NYPD Sued For One Dozen Attempts to Arrest Deceased Man
The NYPD has no chill.
The NYPD have been desperate to arrest James E. Jordan, a former security guard with a minor criminal history, for years now. The manhunt has been unsuccessful, however, because Jordan died from diabetes almost a decade ago. The NYPD refused to let this detail get in the way of their search though, and have raided Jordan’s Bushwick home over twelve times since his death in 2006. Jordan’s widow, Karen Fennell, said the police “go through my entire house, turning out drawers, looking in closets, harassing my children and asking them terrible questions.” After the first half-dozen or so raids, Fennell posted Jordan’s death certificate on her front door, but even that hasn’t stopped the cops.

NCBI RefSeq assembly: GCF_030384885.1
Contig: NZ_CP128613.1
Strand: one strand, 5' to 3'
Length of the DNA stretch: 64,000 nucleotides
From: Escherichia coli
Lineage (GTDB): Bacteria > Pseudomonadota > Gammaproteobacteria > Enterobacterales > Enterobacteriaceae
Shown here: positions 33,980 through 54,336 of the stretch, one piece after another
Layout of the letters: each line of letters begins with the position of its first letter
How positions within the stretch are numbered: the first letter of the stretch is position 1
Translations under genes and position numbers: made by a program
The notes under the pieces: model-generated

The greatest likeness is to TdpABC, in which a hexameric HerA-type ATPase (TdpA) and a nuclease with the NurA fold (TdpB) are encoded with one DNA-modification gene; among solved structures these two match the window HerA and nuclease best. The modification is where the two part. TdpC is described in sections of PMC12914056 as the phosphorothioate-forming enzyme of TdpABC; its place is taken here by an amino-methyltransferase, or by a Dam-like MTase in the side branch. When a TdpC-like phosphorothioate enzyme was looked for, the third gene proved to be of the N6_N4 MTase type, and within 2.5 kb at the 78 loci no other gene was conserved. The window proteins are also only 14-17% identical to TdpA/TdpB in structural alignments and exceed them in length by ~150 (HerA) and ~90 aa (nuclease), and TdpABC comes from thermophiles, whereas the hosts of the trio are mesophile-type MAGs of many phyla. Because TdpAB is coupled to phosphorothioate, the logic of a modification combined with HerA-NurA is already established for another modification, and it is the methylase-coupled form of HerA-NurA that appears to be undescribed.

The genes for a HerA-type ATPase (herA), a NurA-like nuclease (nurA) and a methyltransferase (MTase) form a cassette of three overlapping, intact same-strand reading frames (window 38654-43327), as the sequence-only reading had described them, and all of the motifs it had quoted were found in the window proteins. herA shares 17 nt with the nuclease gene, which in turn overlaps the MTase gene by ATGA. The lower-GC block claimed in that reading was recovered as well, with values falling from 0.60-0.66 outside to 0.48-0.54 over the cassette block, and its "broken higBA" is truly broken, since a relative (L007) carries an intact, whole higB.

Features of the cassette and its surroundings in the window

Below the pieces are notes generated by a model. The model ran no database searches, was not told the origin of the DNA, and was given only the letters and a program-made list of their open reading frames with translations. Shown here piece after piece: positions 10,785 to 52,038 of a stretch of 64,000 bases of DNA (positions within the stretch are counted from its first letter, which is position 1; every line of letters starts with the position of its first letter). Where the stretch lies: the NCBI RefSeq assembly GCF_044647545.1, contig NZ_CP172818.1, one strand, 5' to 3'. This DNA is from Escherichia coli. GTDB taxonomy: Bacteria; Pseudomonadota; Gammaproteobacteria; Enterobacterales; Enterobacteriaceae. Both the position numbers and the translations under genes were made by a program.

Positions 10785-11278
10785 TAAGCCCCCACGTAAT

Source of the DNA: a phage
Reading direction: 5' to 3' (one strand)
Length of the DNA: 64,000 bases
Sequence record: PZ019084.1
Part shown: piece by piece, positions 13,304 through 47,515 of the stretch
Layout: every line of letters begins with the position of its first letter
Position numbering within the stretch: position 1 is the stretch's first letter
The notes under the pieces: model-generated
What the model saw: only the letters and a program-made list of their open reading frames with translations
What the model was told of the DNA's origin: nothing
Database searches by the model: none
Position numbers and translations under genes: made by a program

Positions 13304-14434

Police have been back four times this year, allegedly entering the house without a warrant and demanding to know the deceased man’s whereabouts. Unable to locate Jordan, cops settled for arresting his 31-year-old son, James Jordan Jr., and his friend Anthony Solis, for possession of a pocket knife. Although charges were dropped, Fennell, Jordan Jr., and Solis have filed a lawsuit against the NYPD, seeking unspecified monetary damages. “My dad’s spirit is here. But you can’t arrest his spirit,” Jordan Jr. said. “Even when you’re dead, you still get harassed.”